Inside the Type R LE, things aren’t any different from the regular Type R. Same crazy color scheme, same super-supportive, heavily bolstered sport seats. The loud combination of the Limited Edition-exclusive Phoenix Yellow paint and bright red interior appointments should be a warning to you about how loud the car itself is going to be — which is to say, slightly louder than normal. The lesser sound insulation is only noticeable in highway driving over rough concrete surfaces, and it’s honestly not as bad as it could be. One expects a certain level of in-your-face brashness in a car like this, and the CTR LE delivers on that visual promise. The one oddity — I’d expected the exhaust to be louder, snortier than it is. It’s a surprisingly muted hot hatch, when it comes to how it sounds.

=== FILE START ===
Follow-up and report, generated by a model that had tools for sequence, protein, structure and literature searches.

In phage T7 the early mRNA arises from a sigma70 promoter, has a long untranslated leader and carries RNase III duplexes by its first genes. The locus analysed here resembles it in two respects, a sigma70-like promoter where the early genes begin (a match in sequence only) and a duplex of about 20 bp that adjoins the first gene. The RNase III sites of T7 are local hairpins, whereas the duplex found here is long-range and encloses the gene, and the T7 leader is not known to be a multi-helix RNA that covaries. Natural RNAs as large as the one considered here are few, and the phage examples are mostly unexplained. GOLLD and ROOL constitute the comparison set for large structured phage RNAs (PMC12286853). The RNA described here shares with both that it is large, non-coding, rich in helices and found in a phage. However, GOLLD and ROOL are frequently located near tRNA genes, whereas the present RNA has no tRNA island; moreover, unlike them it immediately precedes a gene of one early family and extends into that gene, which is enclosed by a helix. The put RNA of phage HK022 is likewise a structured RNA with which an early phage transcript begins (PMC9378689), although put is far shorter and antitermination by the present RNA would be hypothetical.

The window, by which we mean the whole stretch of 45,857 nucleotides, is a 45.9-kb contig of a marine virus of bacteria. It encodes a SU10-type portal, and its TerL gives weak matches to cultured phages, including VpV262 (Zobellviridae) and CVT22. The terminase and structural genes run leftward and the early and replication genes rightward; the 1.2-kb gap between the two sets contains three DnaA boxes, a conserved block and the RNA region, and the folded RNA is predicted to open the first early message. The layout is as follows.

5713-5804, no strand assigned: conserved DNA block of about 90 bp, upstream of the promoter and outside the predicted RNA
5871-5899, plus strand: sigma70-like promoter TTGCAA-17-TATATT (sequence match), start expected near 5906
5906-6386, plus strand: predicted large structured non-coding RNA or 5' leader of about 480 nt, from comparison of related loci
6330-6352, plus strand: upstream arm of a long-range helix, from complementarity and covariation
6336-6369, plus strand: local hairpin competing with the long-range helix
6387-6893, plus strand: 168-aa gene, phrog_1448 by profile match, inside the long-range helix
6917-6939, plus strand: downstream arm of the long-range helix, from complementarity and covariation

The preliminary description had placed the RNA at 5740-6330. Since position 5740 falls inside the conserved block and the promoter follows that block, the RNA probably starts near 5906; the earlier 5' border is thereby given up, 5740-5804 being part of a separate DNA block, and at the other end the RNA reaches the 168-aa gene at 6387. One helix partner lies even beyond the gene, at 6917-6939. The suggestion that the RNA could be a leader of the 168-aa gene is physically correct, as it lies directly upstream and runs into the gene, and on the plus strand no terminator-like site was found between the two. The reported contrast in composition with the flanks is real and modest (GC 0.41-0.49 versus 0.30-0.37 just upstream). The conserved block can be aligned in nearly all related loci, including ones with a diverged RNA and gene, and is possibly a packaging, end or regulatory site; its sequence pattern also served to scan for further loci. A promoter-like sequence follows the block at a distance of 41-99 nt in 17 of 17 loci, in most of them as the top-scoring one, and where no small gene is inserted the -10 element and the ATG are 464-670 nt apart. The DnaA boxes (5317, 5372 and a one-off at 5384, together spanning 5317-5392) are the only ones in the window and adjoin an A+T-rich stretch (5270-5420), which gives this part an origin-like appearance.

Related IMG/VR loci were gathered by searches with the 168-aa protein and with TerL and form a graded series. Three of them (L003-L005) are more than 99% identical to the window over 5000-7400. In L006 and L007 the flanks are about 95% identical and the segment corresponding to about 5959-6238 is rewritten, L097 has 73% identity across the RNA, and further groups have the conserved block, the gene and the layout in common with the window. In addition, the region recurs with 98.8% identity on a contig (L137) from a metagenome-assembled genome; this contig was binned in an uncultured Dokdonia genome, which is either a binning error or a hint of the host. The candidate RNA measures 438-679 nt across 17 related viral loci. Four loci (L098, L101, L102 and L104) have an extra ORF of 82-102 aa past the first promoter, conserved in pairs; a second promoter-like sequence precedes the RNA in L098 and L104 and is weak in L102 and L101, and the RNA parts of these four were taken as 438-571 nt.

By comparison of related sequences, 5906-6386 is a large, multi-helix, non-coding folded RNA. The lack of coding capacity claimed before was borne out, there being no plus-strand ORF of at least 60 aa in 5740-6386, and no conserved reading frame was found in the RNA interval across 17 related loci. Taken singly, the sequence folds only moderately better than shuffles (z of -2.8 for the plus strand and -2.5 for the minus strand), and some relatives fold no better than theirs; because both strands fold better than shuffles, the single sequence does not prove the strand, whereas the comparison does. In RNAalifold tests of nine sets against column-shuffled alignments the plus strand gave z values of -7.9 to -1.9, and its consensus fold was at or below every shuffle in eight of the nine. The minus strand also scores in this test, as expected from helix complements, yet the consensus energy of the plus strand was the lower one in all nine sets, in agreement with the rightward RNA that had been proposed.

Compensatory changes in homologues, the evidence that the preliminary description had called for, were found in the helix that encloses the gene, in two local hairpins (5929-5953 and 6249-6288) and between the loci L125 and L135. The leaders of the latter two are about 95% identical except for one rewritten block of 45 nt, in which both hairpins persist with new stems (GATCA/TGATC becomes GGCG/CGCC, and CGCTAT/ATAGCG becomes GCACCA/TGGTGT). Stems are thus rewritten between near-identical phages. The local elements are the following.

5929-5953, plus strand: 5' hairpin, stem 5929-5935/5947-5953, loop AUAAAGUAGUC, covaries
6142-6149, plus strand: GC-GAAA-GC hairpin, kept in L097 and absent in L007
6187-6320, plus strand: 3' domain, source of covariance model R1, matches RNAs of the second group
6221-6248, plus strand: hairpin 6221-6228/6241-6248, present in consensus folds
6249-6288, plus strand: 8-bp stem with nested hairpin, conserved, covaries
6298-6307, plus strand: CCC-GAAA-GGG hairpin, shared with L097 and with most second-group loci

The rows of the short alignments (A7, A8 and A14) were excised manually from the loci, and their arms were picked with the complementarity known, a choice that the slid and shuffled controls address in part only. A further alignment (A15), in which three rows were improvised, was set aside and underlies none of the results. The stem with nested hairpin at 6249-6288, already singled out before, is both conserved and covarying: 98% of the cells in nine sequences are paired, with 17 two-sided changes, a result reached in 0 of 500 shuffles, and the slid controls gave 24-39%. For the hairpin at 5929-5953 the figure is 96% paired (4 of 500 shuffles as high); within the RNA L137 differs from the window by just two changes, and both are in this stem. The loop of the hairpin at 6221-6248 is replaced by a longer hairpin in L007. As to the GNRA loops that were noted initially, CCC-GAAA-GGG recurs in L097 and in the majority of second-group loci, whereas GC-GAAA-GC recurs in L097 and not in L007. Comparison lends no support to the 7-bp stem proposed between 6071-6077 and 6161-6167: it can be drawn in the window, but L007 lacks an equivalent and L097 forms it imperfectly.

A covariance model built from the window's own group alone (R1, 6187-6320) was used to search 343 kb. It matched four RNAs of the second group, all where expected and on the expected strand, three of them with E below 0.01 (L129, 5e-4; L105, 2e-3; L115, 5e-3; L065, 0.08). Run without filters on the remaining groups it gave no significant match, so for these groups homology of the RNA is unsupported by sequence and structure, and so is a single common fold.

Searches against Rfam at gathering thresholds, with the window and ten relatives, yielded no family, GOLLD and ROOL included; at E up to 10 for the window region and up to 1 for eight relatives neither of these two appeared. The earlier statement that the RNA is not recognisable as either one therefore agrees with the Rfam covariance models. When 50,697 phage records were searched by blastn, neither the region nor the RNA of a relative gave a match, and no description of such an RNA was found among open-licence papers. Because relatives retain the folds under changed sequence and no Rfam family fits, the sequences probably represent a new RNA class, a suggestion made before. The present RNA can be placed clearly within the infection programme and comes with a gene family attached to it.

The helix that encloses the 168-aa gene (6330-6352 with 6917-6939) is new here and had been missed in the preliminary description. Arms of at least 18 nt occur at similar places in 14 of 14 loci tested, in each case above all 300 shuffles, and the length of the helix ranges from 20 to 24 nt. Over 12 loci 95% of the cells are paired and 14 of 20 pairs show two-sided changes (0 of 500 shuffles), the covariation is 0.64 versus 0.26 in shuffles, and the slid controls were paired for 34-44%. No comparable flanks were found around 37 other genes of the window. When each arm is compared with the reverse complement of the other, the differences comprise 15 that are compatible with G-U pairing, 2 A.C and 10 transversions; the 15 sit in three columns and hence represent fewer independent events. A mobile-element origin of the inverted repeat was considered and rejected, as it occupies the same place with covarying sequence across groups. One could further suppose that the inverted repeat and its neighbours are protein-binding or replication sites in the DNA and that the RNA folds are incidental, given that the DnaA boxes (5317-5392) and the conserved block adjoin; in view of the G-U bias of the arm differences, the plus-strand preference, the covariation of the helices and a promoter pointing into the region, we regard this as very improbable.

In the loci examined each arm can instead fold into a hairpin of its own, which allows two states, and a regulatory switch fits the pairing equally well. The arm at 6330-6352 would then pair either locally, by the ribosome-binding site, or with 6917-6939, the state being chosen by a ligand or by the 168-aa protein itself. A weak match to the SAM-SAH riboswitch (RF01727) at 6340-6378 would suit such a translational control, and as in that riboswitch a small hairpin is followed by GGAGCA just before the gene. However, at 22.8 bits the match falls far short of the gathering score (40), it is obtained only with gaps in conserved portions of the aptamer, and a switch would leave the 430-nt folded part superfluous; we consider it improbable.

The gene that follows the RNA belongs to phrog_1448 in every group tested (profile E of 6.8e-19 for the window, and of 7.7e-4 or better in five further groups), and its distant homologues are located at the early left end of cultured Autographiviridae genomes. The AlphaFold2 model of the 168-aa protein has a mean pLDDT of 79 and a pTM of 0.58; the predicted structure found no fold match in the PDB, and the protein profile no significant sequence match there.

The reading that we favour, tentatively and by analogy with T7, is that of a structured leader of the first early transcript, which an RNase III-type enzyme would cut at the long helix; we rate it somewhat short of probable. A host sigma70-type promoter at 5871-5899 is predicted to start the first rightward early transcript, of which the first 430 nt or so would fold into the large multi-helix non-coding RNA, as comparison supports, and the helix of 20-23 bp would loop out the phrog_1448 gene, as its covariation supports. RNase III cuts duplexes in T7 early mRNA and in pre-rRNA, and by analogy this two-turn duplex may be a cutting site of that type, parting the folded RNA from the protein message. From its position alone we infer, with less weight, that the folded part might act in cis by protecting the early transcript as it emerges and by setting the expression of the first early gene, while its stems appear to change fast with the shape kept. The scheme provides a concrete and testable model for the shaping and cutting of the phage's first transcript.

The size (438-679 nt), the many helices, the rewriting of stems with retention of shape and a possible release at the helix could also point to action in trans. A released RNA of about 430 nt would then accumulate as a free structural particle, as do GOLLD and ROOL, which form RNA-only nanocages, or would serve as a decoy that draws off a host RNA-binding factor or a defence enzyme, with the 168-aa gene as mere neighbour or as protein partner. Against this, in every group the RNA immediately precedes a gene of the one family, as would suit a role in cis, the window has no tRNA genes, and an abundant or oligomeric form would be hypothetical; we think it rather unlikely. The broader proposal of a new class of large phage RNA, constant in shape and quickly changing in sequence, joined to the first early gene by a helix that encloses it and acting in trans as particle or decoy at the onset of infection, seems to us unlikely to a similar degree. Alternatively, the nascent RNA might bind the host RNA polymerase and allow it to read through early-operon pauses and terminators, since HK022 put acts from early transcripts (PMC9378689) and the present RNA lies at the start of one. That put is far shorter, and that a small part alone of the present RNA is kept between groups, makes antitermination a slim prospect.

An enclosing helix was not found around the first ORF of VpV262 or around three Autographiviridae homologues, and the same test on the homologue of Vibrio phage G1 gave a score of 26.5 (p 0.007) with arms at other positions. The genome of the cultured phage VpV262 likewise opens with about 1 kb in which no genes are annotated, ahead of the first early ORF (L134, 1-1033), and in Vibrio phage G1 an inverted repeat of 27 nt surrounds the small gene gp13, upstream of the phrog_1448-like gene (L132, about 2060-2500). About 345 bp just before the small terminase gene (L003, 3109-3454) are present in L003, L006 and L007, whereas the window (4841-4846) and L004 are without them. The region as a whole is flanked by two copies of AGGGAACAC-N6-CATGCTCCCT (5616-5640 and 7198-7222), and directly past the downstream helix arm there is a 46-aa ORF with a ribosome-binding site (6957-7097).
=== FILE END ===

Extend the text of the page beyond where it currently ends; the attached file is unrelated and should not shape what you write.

All that said, it’s also obvious that it’s time for a new Civic Type R. The dash gauge layout looks old, the multimedia system, too, and the overall appearance of the interior is behind the times with regards to other, more modern compacts like the stunning, new Hyundai Elantra N or even the Audi S3, with which the Civic Type R Limited Edition competes on price, as the price for this Limited Edition is a bit more dear than a typical Type R: It gets a $6,100 price bump to start at $45,010, including destination fee. You don’t get a considerable amount of extra kit for that (truth be told, given everything that’s been taken out, you get less car for extra money, when you think about it), but between the exclusive lightweight wheels (not available at the Honda parts counter), new tires, suspension retune, unique yellow paint with black exterior accents and exclusive street cred of owning 1 of just a 600 run, I can see why people would pay it.